Washington Spinoza Society
Some of my friends and I formed the Washington D.C. Spinoza Society in 2001 after taking a course on Spinoza at the local Jewish Study Center. Everyone in the class loved the teacher (Sidney Bailin) and found his class stimulating. When the class was over, a number of us agreed to keep on meeting. After first getting together at someone's house, and then at a restaurant, we finally found a home: the Washington, D.C. Goethe Institute. From 2001 until the fall of 2015, we met monthly from September through May at the Goethe Institute. Beginning in November of 2015, and continuing through the present, we have been meeting at the Martin Luther King, Jr. public library, which is located at 901 G St., N.W., Washington, D.C. (We are less than one block away from the Gallery Place Metro stop on the red line.) We meet on Monday nights, once a month, and our sessions begin at 6:30 p.m. and continue until roughly 8:30. If you wish to be put on our mailing list so that you can get the dates and descriptions of our sessions, please e-mail me at firstname.lastname@example.org.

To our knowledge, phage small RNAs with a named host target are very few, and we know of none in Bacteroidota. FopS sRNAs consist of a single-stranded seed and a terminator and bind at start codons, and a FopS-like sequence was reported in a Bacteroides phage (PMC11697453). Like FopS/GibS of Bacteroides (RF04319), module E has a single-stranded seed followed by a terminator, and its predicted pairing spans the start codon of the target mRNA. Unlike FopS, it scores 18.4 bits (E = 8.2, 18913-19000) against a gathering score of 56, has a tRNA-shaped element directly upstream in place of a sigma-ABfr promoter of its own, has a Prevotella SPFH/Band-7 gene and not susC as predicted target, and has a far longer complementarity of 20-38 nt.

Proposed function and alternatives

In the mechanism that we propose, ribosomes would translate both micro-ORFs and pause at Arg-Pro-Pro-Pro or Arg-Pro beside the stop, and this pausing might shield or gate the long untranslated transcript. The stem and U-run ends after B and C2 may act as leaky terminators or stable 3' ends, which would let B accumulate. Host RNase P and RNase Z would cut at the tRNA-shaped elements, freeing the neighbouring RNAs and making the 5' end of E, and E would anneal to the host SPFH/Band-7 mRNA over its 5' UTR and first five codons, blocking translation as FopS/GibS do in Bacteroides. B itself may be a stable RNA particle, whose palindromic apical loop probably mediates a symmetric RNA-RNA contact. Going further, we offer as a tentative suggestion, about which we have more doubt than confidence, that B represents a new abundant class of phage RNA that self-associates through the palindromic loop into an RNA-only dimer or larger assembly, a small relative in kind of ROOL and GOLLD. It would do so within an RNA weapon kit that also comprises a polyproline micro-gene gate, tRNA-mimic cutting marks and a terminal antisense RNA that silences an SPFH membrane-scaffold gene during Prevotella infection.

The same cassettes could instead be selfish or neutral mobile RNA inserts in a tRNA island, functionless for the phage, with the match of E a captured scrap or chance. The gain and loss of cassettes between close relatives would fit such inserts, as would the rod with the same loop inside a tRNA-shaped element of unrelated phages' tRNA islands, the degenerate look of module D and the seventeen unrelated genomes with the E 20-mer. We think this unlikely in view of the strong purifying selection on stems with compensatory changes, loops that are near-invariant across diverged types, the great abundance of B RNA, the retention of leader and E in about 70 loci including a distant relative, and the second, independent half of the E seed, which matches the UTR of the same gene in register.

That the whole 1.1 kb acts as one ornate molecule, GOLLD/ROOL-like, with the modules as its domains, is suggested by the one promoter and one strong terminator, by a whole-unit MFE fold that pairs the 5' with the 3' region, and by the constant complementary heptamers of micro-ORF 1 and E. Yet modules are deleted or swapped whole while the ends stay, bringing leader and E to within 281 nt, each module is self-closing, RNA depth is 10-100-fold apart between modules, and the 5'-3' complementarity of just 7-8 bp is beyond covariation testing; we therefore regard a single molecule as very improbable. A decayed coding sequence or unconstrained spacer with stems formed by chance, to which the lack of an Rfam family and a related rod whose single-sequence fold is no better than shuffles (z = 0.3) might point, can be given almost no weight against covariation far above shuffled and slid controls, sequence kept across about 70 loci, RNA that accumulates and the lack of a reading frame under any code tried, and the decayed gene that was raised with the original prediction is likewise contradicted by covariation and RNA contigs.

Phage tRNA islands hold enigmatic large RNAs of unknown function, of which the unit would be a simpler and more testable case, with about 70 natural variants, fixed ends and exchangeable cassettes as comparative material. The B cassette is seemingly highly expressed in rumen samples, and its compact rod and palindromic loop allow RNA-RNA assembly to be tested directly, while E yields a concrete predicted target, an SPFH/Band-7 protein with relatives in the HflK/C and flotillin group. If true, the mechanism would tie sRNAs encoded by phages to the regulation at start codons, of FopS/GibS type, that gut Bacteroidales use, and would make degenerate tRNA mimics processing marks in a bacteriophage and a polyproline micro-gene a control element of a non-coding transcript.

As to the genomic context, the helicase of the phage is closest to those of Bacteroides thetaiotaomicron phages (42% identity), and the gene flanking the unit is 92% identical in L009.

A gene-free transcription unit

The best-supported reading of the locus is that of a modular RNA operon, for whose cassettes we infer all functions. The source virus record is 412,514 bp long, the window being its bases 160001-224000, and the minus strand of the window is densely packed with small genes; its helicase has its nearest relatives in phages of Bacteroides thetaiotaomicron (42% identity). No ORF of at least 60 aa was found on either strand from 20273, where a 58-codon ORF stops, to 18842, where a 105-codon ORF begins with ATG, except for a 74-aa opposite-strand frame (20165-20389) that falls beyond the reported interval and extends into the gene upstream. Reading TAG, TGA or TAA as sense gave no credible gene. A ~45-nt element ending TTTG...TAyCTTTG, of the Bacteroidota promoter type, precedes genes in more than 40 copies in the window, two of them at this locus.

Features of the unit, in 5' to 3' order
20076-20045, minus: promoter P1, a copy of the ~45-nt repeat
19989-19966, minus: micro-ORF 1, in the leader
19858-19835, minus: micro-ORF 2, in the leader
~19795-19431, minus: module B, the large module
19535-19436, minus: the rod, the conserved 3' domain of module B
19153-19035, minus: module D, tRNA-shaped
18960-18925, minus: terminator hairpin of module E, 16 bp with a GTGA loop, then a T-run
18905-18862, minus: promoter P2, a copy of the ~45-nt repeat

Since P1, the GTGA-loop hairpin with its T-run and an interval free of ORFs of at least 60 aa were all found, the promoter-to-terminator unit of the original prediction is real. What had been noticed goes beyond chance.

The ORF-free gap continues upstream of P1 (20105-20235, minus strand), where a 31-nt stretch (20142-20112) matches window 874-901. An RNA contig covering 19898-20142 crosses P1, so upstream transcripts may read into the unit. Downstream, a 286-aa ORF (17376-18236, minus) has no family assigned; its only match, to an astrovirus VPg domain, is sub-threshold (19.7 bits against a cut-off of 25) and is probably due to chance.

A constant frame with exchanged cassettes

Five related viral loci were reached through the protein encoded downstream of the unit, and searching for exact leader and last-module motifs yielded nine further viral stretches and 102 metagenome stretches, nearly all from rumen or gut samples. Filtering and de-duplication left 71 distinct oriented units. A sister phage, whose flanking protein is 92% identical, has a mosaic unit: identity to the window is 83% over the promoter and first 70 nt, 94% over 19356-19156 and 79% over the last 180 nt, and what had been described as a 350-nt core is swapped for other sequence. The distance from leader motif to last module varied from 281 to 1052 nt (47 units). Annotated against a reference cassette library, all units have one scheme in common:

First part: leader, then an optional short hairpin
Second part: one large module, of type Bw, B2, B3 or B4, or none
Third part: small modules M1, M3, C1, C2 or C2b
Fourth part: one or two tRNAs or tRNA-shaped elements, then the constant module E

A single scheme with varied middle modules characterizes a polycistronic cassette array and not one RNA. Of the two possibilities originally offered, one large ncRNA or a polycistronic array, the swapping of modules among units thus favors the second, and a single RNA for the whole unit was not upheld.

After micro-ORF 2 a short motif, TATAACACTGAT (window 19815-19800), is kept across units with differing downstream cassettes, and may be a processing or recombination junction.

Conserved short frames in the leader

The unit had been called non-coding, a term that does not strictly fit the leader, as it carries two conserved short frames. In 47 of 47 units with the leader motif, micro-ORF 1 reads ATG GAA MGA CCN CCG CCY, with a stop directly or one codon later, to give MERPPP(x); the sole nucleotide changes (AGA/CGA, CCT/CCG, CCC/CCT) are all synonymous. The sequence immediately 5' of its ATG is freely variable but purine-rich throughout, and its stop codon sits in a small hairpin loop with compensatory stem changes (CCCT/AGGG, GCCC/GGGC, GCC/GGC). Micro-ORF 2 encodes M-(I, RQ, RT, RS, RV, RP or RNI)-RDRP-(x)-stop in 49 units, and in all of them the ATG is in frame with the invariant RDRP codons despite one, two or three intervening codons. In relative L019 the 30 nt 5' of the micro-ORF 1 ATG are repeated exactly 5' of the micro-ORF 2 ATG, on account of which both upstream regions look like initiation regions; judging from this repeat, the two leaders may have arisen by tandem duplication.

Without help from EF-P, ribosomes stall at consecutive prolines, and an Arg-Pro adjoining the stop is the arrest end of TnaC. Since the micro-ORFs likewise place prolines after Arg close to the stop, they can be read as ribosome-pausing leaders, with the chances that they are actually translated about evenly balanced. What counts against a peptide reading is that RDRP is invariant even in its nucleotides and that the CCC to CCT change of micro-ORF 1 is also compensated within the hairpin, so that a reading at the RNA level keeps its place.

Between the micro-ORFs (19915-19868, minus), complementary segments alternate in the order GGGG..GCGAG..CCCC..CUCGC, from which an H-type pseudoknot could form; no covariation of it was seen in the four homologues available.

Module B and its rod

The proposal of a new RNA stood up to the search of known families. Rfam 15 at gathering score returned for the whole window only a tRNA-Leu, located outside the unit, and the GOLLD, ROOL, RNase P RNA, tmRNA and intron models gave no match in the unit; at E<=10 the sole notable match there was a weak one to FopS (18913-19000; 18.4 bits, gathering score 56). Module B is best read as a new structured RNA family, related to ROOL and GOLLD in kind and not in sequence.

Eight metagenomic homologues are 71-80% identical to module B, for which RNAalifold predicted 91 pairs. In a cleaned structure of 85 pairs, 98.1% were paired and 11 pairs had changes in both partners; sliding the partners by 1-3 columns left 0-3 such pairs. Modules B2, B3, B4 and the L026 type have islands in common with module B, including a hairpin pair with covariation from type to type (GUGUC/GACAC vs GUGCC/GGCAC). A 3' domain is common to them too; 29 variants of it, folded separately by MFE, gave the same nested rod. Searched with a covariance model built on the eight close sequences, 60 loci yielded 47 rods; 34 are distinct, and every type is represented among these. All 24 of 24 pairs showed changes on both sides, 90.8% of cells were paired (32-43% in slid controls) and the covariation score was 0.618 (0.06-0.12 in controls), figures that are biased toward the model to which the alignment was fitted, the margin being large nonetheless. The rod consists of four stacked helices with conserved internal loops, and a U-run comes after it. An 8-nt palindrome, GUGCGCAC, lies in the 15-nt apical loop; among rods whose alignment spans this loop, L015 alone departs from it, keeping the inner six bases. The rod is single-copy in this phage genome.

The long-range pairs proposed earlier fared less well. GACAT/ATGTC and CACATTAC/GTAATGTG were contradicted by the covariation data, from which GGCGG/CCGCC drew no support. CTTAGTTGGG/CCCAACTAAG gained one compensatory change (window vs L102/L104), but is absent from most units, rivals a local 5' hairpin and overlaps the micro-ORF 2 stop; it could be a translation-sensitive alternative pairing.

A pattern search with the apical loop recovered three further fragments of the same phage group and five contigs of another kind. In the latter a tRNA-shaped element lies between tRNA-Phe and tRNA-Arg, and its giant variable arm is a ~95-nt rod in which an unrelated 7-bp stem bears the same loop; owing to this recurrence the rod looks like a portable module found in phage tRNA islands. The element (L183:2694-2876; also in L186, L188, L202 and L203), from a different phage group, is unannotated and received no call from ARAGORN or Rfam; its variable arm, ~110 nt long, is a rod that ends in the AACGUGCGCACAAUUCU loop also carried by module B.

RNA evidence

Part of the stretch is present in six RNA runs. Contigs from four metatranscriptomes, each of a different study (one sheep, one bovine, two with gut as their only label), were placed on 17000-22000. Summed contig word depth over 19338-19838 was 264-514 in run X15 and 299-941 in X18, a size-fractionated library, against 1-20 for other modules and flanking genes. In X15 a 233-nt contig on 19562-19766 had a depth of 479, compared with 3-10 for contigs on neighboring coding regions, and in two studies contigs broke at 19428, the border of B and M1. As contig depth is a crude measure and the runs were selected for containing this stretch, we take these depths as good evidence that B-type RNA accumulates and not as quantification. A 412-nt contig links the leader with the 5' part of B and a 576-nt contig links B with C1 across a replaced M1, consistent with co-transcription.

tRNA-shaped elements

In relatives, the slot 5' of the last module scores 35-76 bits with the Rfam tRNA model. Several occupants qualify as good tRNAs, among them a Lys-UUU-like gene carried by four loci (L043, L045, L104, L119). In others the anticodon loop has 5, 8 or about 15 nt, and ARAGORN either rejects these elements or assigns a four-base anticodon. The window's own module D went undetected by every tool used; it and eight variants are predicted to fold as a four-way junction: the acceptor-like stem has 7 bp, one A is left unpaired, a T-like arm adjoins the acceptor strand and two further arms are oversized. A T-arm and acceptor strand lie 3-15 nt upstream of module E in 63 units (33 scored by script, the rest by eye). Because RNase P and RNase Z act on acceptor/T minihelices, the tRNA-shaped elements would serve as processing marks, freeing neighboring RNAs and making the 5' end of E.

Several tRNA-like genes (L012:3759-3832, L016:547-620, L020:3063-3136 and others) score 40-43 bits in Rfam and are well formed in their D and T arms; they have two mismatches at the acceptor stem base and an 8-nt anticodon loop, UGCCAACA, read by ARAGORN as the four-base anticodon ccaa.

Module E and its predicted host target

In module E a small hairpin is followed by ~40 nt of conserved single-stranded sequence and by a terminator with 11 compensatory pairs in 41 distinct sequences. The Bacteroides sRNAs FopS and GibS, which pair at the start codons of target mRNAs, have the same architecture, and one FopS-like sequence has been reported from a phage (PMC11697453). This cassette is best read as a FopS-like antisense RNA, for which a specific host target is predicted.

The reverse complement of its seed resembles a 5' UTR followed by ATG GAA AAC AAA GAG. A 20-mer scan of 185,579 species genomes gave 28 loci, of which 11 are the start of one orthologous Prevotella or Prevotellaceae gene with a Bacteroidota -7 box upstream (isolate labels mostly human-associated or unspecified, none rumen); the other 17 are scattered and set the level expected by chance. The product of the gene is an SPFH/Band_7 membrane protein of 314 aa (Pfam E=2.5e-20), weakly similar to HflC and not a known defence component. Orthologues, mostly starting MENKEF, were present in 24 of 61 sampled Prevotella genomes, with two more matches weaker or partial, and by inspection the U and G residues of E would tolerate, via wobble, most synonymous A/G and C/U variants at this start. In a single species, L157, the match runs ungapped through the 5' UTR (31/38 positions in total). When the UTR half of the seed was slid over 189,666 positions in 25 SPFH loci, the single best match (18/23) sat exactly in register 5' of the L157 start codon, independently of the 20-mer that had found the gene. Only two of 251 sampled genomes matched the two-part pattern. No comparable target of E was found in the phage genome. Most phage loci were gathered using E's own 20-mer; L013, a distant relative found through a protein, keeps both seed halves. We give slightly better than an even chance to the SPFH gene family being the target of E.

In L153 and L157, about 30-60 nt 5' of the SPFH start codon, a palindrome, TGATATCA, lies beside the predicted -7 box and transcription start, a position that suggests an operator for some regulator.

I can't thank the Goethe Institute enough for hosting our group for 14 years. It was so generous with its space and so supportive of our efforts. Essentially, we're a group of people who love philosophy generally, and recognize in particular the incredible wisdom of Baruch Spinoza (1632-1677), a Dutch Jew who was nearly universally reviled as the epitome of evil until the late 18th century, when Germans like Goethe adopted him as a secular saint. Our pitch to the Institute was very simple: just as we adore philosophy and Spinoza, so, too, did Goethe and many of his German contemporaries (e.g., Lessing, Schelling, Heine, Mendelssohn, Herder, Hegel and Nietzsche). If the spirit of Goethe were to haunt this Institute, we argued, he'd surely plead for the building to host a society that met in the name of his greatest hero, Spinoza. When our group meets, we often focus on topics aside from Spinoza. The only requirement of a presentation is that it involves philosophy. Spinoza believed that philosophy -- or "intellectual love," to use his words -- leads both to virtue and to contentment.
Twenty-first century America is a highly un-philosophical society, and the consequences of that fact can be felt, for example, in the poverty of our political discourse. Surely, America can stand to be more philosophical. But as much as philosophy can offer a society, she offers her greatest gifts to the individual. Being one of the earliest (classical) liberals, Spinoza was typically speaking to the individual seeker of truth. And thanks to the teachings of philosophers like Spinoza, we students of the discipline have a wealth of treasures available to guide us in our personal searches. Our pastime might not be the most lucrative or popular activity, but I know of none that is more rewarding or practical.